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davidc

What would you miss most about work

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What 'Free rides'? Most of us pay licence fees, don't we?

I read Peterboats post and thought immediately of this https://m.youtube.com/watch?v=7O9f5UhdWlE

 

And here's the lyrics :)

 

Pretty girl on the hood of a Cadilac, yeah....

She's broken down on freeway nine.

I take a look and her engine's started,

I leave her purring and I roll on by.... Bye bye

 

Free love on the free love freeway,

The love is free and the freeway's long...

I got some hot love on the hot-love freeway

I ain't going home cos' my baby's gone

A little while later, see a senorita,

She's caught a flat trying to make it home,

She says "Por favor, can you pump me up?"

I say "Muchos gracias, adios. Bye Bye."

 

Free love on the freelove freeway,

The love is free and the freeway's long

I got some hot love on the hotlove highway,

Ain't going home 'cause my baby's gone.

 

Little while later I see a cowboy crying,

"Hey buddy, what can I do?"

He says "I lived a good life, had about a thousand women."

I said "Why the tears?", he says "'cause none of them was you."

Free love on the free love freeway,

Where the love is free and the freeway is long...

I got some hot love on the hot-love freeway

I ain't going home cos' my baby's gone

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This topic title has really got me thinking about the complex decision of when to retire. The IT contract I've been doing for over 9 years now is probably my last, because if I lost it or gave it up I'd have to invest quite a lot of time and effort learning more up to date skills if I then wanted to get more work. I've been carrying on part time, and while the job is OK and there is some satisfaction in doing it, it can also be tedious, and I really wouldn't miss it. No longer having to worry about supporting a live computer application morning and night would feel strange but very welcome. So it's just a question of balancing up my likely income and expenditure over the coming years and guessing whether I can afford to retire yet.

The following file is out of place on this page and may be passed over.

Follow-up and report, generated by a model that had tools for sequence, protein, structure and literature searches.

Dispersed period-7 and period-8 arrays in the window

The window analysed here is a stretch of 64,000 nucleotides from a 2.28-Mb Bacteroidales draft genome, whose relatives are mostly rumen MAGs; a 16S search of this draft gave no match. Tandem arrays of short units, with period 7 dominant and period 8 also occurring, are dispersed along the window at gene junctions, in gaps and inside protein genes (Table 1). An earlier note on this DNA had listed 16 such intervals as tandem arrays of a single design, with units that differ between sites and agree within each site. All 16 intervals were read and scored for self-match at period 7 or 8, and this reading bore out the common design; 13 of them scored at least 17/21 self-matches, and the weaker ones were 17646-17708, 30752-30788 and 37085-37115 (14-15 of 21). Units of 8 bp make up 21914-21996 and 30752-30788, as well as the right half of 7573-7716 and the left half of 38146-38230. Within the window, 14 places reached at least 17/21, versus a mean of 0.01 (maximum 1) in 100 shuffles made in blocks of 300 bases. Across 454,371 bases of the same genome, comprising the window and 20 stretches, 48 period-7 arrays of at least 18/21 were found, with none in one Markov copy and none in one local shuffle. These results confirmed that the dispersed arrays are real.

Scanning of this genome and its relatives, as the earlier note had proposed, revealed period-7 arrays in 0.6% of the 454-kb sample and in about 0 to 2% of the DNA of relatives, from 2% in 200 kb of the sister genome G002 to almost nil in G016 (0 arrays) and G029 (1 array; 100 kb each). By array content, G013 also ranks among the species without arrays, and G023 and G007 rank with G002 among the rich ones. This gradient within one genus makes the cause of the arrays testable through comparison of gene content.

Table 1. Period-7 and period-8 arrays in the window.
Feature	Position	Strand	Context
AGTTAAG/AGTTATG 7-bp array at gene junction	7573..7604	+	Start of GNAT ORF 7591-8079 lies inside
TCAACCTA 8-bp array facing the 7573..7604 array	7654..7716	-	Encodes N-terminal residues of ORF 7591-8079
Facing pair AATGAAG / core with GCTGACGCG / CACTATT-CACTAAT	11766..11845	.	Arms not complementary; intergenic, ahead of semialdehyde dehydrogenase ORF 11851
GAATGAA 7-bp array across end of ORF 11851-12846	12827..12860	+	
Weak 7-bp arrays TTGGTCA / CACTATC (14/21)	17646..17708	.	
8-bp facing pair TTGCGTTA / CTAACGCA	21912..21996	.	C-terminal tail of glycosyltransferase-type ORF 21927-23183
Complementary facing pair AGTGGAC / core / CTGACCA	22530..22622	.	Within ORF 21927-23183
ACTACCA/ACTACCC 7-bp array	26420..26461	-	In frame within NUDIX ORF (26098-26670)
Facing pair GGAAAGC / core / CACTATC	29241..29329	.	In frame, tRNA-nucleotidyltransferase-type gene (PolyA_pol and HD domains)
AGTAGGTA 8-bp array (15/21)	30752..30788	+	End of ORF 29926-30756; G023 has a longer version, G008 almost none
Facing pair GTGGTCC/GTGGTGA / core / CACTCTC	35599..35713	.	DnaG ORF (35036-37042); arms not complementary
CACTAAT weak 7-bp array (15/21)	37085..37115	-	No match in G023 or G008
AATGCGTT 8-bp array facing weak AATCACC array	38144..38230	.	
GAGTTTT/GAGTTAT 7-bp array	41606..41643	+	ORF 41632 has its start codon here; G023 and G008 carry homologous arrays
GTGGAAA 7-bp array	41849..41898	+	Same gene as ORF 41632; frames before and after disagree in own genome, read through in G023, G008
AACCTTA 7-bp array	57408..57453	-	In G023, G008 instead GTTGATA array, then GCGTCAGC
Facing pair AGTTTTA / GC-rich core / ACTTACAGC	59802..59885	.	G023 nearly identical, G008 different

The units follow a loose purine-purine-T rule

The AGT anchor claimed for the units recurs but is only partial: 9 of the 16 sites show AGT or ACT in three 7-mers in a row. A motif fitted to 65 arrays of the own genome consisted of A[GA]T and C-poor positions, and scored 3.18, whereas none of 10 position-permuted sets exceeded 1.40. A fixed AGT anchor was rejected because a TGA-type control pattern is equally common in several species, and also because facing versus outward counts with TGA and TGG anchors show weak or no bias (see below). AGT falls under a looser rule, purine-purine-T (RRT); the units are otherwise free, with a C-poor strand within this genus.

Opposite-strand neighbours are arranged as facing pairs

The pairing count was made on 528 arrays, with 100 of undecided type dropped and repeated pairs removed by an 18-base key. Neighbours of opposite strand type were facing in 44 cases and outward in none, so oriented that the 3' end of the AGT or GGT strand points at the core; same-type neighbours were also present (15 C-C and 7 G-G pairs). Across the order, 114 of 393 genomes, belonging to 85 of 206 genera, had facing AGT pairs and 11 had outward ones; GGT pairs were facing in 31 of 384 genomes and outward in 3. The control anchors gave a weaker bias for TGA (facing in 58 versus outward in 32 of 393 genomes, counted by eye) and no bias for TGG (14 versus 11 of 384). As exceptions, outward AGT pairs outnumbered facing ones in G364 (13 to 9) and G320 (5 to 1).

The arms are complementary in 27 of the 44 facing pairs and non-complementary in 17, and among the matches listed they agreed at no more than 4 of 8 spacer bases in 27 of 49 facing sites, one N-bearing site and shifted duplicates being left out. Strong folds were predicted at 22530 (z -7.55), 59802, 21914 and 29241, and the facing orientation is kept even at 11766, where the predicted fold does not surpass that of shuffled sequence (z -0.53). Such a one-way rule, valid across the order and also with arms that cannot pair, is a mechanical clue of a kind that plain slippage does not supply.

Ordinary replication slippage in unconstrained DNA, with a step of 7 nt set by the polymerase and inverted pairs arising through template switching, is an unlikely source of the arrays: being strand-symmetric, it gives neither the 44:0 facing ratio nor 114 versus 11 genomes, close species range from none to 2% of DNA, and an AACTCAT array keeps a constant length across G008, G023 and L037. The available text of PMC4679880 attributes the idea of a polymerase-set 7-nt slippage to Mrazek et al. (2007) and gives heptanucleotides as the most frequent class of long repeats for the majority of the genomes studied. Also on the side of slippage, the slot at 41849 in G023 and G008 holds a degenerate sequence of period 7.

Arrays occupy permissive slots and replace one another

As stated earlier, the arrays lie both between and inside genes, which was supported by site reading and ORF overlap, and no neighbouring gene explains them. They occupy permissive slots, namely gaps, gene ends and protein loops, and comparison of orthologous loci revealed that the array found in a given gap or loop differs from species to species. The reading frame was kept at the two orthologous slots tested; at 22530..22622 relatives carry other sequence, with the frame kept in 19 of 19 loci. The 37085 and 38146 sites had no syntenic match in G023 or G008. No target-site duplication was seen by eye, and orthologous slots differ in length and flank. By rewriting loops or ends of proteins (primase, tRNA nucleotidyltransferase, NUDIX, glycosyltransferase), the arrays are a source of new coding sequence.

The trouble is, there are so many variables that the decision has to be a stab in the dark. To name a few, there's my mother who's in a nursing home, my son who might either move out or start paying me some rent, and there's the question of whether my ambition to do more boating can be satisfied just by crewing for other people, or will I buy my own boat, and if so on what sort of budget and how much of the time will I live on it? Marina or CC? Pump out or cassette? Who could I press-gang as crew? Add to that the choices I could make about my fairly valuable house in Croydon and its mortgage, and the complete unpredictably of how long my health, currently pretty good, will last, and I could go around in circles forever if I'm not careful.

 

On balance my current thinking is that I'll be easing myself out of the office door in a year at most, and keeping the house but probably gradually spending less time here and more on the canals, drawing some of my pension each year to finance it all. It's a plan which will slowly evolve according to what happens, but meanwhile there are preparations I know I need to do anyway. There is a lot of de-cluttering to do.

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Is it really work then? Or a hobby you get paid for?

I get paid for the jobs I do and enjoy doing the jobs.

:)

So in a sense I do not work, assuming the definition of work is something one does not enjoy.

:)